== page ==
Surprise by Filippo Spinelli

‘Monica read an explicit description of a threesome’: a brief update on erotic writing in New Zealand

“Good sex is feminist sex,” claims Laura Borrowdale, editor of the Aotearotica journal of erotic writing.

Reading erotica is one of the fastest ways to see the breadth of humanity and the Aotearotica slush pile holds it all. I can say that with authority, because, as editor, I sit at my kitchen table and read every piece we are sent. Some are poignant. Some are beautiful. Some are hard to read. Some are hilarious.

Sometimes it’s difficult to find the kind of thing I want, but I always know what I don’t want. Our visual editor recently signed me up for a Facebook group called Men Fail at Erotica. He signs me up to a lot of things on Facebook, but I’ve actually remained a part of this one. Let me tell you, as someone who sees a lot of erotica, it isn’t just men who fail at it. But there is something extra special about the way that men with no interest in intersectionality, particularly those with Pushcart nominations, fail when they write about sex.

As with all things, there’s a cultural reckoning in the air. Women, people of colour, the non-binary, the queer, are becoming activists and culture changers from the ground up. Aotearotica, set up in early 2016, is part of a ground swell of people outside of the heterosexual male mainstream demanding representation in all areas of life, and increasingly that includes their sex lives. We’ve realised that good sex is feminist sex. It’s consensual, and it’s real. It’s also not the sex we typically get to see, hear or know about unless we jump in to offer our own narratives.

To be clear, this is what Aotearotica publishes. The kind of writing about sex we need to see more of, usually female driven, often queer, the kind where the author has deviated from the usual script; where people, not just bodies, are explored. This writing leaves my kitchen table and heads out into the world as a physical book full of poetry, short fiction, comics and essays alongside illustration and photographs.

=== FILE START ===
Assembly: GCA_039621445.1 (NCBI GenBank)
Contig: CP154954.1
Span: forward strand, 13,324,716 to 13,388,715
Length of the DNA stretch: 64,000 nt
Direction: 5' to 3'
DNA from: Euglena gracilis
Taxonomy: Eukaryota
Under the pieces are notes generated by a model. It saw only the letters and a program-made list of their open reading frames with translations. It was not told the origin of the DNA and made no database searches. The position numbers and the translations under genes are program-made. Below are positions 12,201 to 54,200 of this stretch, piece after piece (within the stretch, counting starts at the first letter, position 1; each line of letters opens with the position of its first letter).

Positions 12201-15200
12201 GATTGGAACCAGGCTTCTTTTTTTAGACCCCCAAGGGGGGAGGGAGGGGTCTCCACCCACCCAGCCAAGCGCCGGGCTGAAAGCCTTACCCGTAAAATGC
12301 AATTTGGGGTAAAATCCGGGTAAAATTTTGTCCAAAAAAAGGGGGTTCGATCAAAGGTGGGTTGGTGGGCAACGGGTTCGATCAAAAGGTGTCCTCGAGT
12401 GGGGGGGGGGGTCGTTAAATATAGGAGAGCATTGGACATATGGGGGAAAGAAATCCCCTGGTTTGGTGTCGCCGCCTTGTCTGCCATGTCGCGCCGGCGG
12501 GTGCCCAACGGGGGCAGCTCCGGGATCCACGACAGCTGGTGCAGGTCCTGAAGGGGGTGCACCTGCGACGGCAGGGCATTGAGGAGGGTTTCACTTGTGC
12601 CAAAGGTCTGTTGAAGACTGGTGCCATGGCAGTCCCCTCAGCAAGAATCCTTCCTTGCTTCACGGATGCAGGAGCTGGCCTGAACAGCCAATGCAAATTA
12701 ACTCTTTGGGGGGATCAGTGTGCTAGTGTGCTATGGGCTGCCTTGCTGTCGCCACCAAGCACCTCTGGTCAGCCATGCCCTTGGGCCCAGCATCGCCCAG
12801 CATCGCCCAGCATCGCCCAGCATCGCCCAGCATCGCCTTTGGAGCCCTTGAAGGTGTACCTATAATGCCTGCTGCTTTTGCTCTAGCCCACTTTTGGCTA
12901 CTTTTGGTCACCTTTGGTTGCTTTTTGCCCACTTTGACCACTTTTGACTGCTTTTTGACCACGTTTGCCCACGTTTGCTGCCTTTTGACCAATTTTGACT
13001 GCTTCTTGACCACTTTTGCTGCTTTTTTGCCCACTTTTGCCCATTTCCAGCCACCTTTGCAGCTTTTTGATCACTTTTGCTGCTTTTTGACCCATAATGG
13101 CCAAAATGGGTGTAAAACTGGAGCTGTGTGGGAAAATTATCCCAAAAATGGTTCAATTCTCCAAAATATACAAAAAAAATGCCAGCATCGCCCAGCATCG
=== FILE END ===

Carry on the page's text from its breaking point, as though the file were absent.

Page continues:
When I read yet another masochistic dick fantasy, or limerick, I want to shout, is this what you think we want? And I’m speaking for myself as a woman, as well as an erotic editor. I’m not the only one. The reason I haven’t left that Facebook group are the women’s outraged and often hilarious responses to the postings. They don’t even have to read the limericks, and still their replies are full of outrage, disbelief, humour, and a lot of capital letters.

Illustration by Rita Renoir

Aotearotica exists because we are looking for a way to move our feminism from the abstract to the concrete. Here is a culture we hate, and here is one of the tools that can help us change it into something that we love.

And we’re so lucky that this narrative is broadening out in New Zealand. In many ways, we’re conservative, but we’re also small. The individuals among us can make a difference. With journalists like Melody Thomas making radio like Bang!, artists like FAFSwag vogueing their way to prominence and poets like Hera Lindsay Bird producing poetry that challenges our usual discussions around sex and gender, there are many ways to be part of the conversation.

Last year, the journal featured in a reading session as part of the Wellington LitCrawl. None of us were sure how it would go over, and in a tiny, jam-packed artist’s studio, four of Aotearotica’s contributors read aloud the kind of thing that is usually kept quiet.

The room was intimate, although none of us had met each other in person before. Dylan Horrocks and Sarah Laing read parts of their graphic works, Dylan, a short comic about a first time between lovers, Sarah, a queer moment from Katherine Mansfield’s coming of age. The audience watched the screen, rapt as the images popped up.

Monica Macansantos read an explicit description of a threesome that dealt with race, power dynamics and the difference between what can feel good physically and what can feel good emotionally. She shook before she stood up to read, but her voice was clear and loud in a room so silent, you could hear people breathe. It was electrifying. And it felt like the start, the start of a conversation. A conversation that more people should be having, sitting around their kitchen tables or on social media or in performance spaces. Because it’s hard, hilarious, poignant, and necessary.


The deadline for the next issue of Aotearotica is May 15. Issues are available at Unity Books. or aotearotica.co.nz.

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